Date of Award

Winter 2012

Project Type


Program or Major

Recreation Management and Policy

Degree Name

Master of Science

First Advisor

Christopher Harrist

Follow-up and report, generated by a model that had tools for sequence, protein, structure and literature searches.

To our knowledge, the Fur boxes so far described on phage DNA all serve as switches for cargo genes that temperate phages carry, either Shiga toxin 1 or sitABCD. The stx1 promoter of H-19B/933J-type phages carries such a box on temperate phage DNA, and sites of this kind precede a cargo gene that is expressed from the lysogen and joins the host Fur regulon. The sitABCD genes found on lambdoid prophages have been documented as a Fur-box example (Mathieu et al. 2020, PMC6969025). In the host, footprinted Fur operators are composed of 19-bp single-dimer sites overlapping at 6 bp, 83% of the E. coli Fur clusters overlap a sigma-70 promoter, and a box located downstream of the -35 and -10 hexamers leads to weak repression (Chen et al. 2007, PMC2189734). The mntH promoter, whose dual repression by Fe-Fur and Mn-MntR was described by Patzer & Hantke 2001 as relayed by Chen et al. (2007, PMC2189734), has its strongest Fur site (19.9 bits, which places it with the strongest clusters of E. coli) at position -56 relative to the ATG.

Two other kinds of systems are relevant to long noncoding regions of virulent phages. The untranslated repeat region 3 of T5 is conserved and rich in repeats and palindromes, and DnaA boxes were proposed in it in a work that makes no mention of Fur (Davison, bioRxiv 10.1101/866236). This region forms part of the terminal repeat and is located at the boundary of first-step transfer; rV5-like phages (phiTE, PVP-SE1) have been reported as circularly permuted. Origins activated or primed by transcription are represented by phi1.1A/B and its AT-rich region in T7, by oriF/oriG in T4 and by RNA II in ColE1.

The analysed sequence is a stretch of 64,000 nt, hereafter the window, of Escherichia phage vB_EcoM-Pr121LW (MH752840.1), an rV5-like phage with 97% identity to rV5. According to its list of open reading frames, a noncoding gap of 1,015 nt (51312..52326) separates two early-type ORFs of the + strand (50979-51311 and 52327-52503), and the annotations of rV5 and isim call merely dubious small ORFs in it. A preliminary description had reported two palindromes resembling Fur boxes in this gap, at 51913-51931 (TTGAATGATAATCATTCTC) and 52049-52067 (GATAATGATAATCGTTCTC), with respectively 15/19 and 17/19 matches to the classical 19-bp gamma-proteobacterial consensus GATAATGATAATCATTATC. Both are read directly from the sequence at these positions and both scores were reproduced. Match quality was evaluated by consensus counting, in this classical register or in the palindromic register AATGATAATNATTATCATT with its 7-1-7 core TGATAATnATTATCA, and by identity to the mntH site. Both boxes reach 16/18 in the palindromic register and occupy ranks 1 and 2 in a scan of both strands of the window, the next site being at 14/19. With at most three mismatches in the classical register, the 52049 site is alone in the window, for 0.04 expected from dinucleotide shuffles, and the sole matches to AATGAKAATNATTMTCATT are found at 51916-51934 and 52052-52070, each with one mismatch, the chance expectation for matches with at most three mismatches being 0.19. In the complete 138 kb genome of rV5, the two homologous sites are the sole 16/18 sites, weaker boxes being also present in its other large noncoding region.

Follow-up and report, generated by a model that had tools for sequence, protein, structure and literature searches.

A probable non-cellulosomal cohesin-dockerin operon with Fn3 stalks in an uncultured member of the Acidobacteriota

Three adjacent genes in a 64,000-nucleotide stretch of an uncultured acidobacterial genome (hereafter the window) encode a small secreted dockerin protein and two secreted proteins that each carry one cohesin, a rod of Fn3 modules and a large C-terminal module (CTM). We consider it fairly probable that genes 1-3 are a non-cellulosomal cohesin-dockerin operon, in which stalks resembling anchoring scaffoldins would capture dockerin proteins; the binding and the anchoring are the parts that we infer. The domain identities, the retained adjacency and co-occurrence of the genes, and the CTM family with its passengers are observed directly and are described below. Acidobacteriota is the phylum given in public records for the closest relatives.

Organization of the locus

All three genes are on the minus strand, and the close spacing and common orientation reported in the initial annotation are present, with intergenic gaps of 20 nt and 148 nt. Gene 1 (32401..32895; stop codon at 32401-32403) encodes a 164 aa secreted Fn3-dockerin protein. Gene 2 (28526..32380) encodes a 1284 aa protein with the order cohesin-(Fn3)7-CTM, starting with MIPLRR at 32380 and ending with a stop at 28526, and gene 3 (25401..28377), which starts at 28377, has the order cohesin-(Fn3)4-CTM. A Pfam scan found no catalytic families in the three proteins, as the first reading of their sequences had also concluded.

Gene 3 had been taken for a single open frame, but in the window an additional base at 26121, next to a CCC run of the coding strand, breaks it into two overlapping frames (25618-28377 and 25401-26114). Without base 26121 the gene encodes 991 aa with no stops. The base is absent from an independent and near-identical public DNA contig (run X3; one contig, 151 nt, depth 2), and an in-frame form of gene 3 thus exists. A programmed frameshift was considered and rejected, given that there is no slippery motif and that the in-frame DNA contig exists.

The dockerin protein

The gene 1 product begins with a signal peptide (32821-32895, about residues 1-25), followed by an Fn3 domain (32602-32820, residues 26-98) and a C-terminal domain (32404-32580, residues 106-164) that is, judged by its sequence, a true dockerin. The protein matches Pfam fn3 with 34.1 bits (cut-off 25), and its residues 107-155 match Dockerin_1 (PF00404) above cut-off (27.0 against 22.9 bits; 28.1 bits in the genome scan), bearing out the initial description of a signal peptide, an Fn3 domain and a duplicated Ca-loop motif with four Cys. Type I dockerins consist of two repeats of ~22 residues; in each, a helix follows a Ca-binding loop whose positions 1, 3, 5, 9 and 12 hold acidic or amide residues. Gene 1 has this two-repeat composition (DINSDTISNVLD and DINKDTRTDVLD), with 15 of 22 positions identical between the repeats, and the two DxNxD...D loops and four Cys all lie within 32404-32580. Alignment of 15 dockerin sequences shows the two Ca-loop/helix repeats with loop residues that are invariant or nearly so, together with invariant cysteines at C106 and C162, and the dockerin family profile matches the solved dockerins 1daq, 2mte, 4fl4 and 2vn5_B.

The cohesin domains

Parent-coaches are individuals who coach their own children (child-athletes) in sports. Although their presence is widespread in the realm of recreational sports, little research has been conducted on the relationship between parent-coach and child-athlete. This is an exploratory study with the goal of better understanding the parent-coach phenomenon in the recreational sports context, from the perspective of both parent-coaches and child-athletes. Semi-structured interviews were conducted with nine parent-child dyads, focusing on positives, negatives, and the unique nature of the parent-coach and child-athlete relationship. Inductive analysis revealed a number of positive and negative themes, many of which were identified by both parent-coaches and child-athletes. Both parent-coaches and child-athletes perceived higher expectations for child-athletes, as well as a desire for equal treatment of all athletes on a team. Suggestions for applications to coaching education, as well as possible implications for future research are discussed.